Lawmakers Tuesday expressed deep concern about the new “net neutrality” program advanced by the Federal Communications Commission, telling FCC Chairman Tom Wheeler in an oversight hearing that the panel’s effort to oversee Internet traffic rules is heading into “rough waters.”
Mr. Wheeler was called to testify before the House Committee on Energy and Commerce and the panel’s subcommittee on communications and technology on Tuesday.
The hearing came just days after a divided FCC approved Mr. Wheeler’s modified net neutrality proposal, which some critics fear could create a two-tiered Internet in which big users willing to pay a premium get faster and better connections.
Committee members told Mr. Wheeler that they were wary of the FCC’s latest rule proposals, saying the new rules could change the wide-open character of the Internet.
“The Internet has flourished under the current light-touch regulatory scheme, and subjecting it to burdensome regulations is a leap in the wrong direction,” said committee Chairman Fred Upton, Michigan Republican.
“Given some of the most recent actions out of the commission, I fear that we may be headed into some rough waters,” said Representative Greg Walden, the Oregon Republican who chairs the subcommittee.
Mr. Walden noted that even the smallest change to the FCC’s rules on Internet regulation could have a huge impact on the consumer market and expressed concern over the agency’s “selective inaction.”
Many Republicans believe the Obama administration should drop any attempt to regulate the Internet, saying it has flourished largely free of government oversight.
Rep. Anna Eshoo, California Democrat, warned against the creation of Internet “fast lanes” arising as a result of the FCC’s proposed new rule.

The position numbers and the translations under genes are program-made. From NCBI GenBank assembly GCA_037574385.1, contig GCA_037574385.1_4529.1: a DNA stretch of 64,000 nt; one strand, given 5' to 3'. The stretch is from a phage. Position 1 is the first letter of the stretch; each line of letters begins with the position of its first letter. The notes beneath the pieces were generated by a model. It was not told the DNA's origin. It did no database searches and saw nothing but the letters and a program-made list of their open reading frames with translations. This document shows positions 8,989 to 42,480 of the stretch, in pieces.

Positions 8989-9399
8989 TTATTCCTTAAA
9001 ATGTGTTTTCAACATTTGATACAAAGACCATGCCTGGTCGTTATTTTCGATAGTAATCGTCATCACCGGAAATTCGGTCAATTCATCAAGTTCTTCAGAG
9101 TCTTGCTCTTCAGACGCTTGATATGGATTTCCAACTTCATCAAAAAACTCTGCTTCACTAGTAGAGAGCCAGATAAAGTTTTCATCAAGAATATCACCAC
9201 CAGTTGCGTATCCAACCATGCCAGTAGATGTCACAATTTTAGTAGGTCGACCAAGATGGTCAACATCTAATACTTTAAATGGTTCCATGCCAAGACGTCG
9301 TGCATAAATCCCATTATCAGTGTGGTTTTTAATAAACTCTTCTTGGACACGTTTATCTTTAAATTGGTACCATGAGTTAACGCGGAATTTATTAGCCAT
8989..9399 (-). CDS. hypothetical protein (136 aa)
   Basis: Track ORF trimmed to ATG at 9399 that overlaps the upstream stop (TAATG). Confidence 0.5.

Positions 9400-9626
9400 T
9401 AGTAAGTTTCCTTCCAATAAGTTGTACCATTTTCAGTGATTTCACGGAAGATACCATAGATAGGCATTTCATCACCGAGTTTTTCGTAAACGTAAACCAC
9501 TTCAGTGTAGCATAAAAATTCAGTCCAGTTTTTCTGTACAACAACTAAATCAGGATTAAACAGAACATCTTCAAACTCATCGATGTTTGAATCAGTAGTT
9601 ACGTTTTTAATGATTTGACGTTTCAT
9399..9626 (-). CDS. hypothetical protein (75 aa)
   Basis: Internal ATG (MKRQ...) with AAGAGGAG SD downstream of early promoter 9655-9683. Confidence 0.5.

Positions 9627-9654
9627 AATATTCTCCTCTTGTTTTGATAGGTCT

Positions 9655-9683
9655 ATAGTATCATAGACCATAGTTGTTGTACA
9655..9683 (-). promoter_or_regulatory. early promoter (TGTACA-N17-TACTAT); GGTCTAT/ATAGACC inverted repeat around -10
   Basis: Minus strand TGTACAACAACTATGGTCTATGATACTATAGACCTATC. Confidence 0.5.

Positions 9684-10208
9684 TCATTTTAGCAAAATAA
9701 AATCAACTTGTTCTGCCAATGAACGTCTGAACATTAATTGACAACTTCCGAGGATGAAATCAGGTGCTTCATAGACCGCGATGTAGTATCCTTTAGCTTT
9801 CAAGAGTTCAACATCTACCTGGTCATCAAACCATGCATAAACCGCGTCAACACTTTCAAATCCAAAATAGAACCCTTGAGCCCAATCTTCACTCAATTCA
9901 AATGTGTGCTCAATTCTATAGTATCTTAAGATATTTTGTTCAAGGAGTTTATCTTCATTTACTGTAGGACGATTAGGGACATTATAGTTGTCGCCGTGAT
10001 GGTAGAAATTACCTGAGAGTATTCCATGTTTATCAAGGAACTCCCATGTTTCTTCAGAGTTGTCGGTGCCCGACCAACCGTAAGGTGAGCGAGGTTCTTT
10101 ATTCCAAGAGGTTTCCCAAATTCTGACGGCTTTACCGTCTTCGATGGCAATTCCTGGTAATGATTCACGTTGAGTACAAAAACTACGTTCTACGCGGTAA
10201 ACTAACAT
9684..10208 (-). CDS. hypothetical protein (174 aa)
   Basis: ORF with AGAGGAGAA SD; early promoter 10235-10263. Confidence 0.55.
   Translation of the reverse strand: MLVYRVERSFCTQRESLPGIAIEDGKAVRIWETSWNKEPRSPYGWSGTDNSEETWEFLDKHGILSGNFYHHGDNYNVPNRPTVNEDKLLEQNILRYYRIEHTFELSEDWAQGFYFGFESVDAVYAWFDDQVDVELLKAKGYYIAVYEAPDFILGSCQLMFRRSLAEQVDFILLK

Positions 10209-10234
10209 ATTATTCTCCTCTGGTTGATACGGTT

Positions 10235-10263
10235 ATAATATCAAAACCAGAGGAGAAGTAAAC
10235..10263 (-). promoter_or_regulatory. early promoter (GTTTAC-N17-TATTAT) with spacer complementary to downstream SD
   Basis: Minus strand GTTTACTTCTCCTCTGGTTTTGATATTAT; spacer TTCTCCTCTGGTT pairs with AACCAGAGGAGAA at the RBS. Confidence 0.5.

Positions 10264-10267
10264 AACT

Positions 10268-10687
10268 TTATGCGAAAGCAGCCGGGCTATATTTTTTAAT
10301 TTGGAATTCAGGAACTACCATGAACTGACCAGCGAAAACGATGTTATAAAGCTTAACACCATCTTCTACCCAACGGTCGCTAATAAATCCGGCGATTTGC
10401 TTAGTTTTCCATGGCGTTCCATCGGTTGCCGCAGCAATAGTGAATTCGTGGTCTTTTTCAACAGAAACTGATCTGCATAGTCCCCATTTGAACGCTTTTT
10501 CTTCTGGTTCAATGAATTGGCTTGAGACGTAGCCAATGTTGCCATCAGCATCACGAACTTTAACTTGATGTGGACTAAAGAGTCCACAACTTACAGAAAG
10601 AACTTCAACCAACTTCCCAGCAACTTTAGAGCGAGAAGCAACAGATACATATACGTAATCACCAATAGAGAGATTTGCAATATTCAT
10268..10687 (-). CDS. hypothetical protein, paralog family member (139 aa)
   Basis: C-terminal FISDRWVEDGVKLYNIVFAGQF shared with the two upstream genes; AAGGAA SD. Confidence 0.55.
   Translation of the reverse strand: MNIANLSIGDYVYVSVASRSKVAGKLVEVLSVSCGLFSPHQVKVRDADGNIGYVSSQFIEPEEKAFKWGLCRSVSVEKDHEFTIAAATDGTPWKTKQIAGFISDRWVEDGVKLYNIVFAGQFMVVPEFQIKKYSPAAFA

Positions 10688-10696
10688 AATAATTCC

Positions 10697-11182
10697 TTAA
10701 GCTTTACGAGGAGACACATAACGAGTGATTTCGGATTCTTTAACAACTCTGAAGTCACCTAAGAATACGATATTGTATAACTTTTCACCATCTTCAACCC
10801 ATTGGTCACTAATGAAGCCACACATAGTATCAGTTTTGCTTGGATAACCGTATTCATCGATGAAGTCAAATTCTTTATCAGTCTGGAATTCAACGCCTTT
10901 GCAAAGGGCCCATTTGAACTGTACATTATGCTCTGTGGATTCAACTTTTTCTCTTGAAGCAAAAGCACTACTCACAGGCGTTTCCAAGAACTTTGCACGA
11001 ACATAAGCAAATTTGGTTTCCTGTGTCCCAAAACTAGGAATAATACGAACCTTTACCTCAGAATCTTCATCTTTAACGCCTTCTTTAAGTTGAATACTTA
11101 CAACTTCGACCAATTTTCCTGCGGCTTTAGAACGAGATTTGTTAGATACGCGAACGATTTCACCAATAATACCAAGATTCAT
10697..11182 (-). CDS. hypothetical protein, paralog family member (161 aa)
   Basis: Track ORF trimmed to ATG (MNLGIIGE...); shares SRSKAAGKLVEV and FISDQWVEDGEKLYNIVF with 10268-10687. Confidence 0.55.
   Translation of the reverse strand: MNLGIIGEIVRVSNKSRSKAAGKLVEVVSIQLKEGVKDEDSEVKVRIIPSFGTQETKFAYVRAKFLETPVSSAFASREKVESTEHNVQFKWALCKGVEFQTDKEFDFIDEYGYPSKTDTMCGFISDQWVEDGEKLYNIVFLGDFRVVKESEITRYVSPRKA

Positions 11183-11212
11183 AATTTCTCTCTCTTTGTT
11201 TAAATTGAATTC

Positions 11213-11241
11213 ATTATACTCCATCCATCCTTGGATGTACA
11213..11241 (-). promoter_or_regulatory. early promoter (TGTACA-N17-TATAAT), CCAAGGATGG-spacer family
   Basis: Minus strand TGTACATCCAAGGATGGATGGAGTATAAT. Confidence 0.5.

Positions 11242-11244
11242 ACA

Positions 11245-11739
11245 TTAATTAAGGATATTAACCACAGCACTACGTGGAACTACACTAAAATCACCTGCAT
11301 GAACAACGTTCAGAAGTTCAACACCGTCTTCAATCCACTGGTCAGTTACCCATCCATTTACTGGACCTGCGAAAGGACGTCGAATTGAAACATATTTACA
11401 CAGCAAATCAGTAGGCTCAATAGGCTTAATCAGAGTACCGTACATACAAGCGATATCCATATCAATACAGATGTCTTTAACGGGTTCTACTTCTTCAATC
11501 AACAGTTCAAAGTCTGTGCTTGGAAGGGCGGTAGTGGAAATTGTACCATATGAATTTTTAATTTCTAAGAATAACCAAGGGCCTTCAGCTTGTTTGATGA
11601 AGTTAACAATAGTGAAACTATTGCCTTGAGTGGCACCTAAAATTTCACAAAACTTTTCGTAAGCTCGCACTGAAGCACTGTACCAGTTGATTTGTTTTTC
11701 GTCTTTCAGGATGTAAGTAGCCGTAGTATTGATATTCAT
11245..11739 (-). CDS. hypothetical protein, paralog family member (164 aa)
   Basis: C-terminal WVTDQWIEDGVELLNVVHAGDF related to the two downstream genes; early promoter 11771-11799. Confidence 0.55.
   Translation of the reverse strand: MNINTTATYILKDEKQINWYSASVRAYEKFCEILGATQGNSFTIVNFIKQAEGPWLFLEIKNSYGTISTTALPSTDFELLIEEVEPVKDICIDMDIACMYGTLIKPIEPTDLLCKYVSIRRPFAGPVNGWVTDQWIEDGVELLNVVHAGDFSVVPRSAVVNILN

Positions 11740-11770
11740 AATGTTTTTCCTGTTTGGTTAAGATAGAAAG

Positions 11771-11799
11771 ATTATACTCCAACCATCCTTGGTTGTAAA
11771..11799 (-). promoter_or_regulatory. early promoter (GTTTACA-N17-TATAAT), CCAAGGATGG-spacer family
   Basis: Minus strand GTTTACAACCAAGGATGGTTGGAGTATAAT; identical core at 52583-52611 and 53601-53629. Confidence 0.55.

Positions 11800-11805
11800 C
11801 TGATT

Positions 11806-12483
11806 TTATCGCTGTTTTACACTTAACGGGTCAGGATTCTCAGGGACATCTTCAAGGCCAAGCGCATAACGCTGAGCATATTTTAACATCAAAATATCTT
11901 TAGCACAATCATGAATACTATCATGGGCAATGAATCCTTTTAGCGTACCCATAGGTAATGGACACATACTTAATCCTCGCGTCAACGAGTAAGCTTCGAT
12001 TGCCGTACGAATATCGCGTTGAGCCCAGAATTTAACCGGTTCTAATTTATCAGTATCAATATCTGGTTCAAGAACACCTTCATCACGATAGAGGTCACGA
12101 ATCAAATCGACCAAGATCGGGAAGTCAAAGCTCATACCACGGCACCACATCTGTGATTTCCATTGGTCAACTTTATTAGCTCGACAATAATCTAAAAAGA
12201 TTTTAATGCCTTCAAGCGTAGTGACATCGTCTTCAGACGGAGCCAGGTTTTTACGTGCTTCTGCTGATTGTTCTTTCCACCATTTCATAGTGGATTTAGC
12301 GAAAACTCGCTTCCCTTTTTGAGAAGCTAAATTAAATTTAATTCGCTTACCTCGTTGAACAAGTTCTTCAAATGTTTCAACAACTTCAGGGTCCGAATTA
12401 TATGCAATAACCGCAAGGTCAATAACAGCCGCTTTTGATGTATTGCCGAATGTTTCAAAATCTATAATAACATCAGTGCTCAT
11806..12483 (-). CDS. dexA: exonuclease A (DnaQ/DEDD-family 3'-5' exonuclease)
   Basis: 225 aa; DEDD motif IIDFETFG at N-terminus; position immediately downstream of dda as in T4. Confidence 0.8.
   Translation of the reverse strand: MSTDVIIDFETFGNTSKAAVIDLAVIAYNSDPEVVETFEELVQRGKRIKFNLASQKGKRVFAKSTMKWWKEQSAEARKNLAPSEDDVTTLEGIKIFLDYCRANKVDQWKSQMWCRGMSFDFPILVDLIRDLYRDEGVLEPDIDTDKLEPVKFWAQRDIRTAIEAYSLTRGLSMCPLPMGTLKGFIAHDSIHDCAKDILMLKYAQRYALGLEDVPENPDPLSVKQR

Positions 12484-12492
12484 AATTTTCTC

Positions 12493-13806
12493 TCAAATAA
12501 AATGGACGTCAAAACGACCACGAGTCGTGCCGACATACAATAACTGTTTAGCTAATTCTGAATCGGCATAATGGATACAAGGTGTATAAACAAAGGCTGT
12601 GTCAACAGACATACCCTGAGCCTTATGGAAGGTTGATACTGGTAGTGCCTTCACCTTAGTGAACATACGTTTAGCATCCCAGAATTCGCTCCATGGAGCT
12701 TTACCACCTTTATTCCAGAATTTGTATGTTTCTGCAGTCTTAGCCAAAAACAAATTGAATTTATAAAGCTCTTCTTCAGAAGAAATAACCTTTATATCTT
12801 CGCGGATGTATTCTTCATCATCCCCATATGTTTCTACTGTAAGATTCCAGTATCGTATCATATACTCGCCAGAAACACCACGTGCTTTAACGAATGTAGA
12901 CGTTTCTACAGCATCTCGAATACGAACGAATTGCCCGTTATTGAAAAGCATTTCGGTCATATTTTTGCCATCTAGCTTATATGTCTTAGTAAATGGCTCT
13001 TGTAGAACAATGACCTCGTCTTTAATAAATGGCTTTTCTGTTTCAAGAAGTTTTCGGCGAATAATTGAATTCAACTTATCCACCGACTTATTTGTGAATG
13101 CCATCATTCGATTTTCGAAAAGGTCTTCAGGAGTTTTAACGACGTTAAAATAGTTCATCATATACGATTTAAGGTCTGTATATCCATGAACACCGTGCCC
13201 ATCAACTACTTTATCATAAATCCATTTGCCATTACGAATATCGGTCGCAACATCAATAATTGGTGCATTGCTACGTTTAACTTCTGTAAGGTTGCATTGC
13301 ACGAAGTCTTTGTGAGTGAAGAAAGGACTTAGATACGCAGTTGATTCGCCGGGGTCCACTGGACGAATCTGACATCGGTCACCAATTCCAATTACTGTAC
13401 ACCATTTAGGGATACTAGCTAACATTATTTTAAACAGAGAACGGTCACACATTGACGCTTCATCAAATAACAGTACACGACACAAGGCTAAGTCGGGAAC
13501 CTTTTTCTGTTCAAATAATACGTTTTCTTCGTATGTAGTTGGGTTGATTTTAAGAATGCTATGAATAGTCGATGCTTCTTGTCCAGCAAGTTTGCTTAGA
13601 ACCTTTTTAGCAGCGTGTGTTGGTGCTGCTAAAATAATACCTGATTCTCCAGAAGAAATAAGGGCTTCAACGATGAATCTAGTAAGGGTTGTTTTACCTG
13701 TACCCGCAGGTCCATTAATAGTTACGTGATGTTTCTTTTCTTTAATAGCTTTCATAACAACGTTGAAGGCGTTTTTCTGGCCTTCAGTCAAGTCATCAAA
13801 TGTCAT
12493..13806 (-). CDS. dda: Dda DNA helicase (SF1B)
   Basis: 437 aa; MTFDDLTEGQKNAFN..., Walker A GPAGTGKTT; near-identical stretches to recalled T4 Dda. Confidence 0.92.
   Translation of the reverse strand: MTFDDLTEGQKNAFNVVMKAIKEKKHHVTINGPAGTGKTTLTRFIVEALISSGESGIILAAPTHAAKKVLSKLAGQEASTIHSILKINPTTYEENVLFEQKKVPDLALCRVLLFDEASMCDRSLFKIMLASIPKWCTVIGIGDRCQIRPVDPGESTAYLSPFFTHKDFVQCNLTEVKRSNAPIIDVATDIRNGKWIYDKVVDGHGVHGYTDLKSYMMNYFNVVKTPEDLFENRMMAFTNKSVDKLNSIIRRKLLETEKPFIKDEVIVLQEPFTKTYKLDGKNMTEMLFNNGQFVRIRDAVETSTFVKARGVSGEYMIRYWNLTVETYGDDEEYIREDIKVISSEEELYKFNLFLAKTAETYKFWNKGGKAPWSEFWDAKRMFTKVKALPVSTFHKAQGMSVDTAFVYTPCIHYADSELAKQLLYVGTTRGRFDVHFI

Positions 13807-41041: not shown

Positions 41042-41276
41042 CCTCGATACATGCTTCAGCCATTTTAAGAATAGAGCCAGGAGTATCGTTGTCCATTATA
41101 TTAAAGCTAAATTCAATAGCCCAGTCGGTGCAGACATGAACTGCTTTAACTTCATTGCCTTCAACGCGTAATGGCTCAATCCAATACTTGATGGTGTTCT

“I don’t want this to become an auction, selling off the best in bits and pieces where some pay for faster lanes, while other cannot pay and get stuck in the slow lane,” Ms. Eshoo said. That, she said, would “unravel the values that have been the hallmark and the bulwark of the Internet.”
As he did last week, Mr. Wheeler denied the FCC had any interest in creating a new system of haves and have-nots for the Internet.
“I’ve consistently said that there is only one Internet, there is not a fast Internet and a slow Internet,” he said. “When the consumers buys access to the Internet, they are buying access to the full Internet and that’s what our rules attempt to protect.”
Technically, the FCC last week voted to seek public comment on a plan to reclassify the large broadband Internet service providers such as Comcast and Verizon as “utilities” under federal law, making them subject to the same monitoring and oversight given to the telephone companies under longstanding federal law.
The FCC is also wrestling with what authority it can exercise over “paid prioritization” — whether big Internet users such as Netflix and Google could get faster connection from the service providers by paying a premium.
Internet advocacy groups have warned that could undermine the democratic spirit of the Internet, and hurt start-up competitors who can’t afford to pay for premium connections.
“If this concept moves forward, we could inadvertently block the next Google or Amazon from the market without even knowing it,” said Rep. Doris Matsui, California Democrat.
The net neutrality debate has sparked angry debate and extensive lobbying from both camps as the FCC struggles to determine its jurisdiction and settle on a single policy.
Mr. Wheeler told Tuesday’s hearing there are currently no regulations to enforce an open Internet and said the FCC’s move was focused on what regulations would best suit consumers.
However, some of the committee members said the proposed reclassification could not apply to modern-day broadband companies.
Such a policy would be “an extreme exercise of government overreach and would result in website failures,” said Rep. Bob Latta, Ohio Republican, adding he intends to introduce legislation to prevent the agency from “following through on this misguided regulation plan.”
Several lawmakers also called for oversight hearings into the latest megamergers between providers, warning major deals announced in recent weeks could have a negative impact on competition in cable television and other telecommunications industries.
“Can anyone here piece together the effects of a Comcast-Time Warner merger and an AT&T-DirectTV merger on consumers and on the Internet?” Ms. Eshoo asked.